CHAPTER 8: Nanodiamonds and Their Biological Applications
Published:03 Feb 2021
C. P. Epperla, H. Lin, and H. Chang, in Carbon Nanostructures for Biomedical Applications, ed. T. Da Ros, N. Martín, and J. Nierengarten, The Royal Society of Chemistry, 2021, pp. 257-292.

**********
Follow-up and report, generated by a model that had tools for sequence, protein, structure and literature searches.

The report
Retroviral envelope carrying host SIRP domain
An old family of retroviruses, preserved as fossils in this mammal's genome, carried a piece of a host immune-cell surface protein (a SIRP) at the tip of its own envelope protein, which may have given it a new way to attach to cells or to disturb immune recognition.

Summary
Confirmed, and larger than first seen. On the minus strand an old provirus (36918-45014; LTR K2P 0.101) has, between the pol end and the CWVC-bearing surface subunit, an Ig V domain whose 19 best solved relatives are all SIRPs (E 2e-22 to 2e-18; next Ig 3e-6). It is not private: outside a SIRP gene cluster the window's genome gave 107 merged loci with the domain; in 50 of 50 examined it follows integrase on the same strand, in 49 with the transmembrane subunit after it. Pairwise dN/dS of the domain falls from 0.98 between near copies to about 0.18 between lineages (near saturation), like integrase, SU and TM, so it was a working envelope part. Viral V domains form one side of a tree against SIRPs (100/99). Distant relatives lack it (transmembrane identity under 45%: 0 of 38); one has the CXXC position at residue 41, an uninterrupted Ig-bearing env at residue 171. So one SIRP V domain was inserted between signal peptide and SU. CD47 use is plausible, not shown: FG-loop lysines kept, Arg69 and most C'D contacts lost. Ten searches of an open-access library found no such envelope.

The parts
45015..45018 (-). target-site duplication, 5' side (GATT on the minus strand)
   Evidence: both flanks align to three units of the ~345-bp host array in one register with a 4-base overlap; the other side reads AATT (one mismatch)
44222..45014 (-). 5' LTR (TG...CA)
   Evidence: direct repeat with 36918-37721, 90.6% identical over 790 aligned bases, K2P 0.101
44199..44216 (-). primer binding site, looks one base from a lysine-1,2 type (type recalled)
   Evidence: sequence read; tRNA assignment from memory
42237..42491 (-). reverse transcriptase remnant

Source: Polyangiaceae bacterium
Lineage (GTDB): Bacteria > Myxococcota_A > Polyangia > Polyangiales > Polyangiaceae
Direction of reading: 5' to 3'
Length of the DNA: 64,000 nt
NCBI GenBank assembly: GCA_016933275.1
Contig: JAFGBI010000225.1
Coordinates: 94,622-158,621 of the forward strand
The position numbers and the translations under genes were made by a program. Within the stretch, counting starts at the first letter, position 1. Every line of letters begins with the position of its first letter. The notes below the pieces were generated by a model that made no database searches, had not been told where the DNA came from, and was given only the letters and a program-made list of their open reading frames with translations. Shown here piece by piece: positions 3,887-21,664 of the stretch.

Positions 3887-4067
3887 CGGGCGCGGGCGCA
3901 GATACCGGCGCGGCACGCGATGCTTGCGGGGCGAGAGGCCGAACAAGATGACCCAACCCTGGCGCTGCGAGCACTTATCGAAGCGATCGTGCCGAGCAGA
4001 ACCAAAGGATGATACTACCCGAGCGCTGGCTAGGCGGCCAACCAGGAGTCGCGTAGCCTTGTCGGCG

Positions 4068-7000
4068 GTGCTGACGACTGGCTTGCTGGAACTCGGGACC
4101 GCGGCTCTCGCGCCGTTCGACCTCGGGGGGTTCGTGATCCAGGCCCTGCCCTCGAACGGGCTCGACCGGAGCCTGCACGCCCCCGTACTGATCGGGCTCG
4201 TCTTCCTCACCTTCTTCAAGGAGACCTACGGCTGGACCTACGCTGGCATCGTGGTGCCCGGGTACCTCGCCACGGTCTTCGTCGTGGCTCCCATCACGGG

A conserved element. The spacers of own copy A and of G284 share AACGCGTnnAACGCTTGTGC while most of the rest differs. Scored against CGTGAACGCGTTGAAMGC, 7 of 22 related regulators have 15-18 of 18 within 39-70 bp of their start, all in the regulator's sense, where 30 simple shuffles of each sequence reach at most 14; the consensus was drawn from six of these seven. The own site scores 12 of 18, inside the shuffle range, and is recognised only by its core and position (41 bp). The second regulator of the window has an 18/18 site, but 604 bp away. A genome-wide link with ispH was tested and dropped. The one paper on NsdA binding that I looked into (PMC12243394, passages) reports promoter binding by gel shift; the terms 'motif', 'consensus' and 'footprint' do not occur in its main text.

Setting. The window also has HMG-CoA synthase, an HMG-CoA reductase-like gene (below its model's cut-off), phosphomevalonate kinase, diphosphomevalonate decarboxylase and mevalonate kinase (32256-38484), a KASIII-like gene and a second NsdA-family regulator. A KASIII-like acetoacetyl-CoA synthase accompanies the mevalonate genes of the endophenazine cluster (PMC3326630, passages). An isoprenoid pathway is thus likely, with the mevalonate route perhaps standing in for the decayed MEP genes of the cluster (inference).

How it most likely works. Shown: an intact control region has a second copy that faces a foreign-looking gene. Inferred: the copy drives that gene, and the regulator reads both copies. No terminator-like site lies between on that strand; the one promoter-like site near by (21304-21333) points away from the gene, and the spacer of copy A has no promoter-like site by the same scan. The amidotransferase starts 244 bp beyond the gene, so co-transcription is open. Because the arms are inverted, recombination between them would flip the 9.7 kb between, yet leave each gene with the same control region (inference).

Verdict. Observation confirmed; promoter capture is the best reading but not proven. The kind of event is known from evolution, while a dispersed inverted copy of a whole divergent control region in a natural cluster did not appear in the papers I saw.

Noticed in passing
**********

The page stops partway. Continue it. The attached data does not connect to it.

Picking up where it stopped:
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Nanomaterials integrated with modern nanotechnology are leading most of the interesting active research in the biomedical field right now. Among nanomaterials, nanodiamonds owe their fame to a unique set of outstanding properties, such as biocompatibility, chemical inertness, high surface area, tunable surface structure and excellent optical/mechanical properties. Due to their unique optical and spectroscopic properties, nanodiamonds have been studied in bioimaging and in super-resolution imaging studies. Nanodiamonds have been utilized for studies of the biodistribution and pharmacokinetics of therapeutic cells in a preclinical setting. Nanodiamonds have also been explored as a nanothermometer for the study of nanoscale chemical reactions due to their invariability to the local chemical environment. Additionally, the strategies for further improving gene delivery by nanodiamonds are reviewed. This chapter covers the recent progress in the biological applications of nanodiamonds and underlines the great advances made by the field, as well as the challenges still faced in achieving the translation of these techniques from the laboratory to the clinic.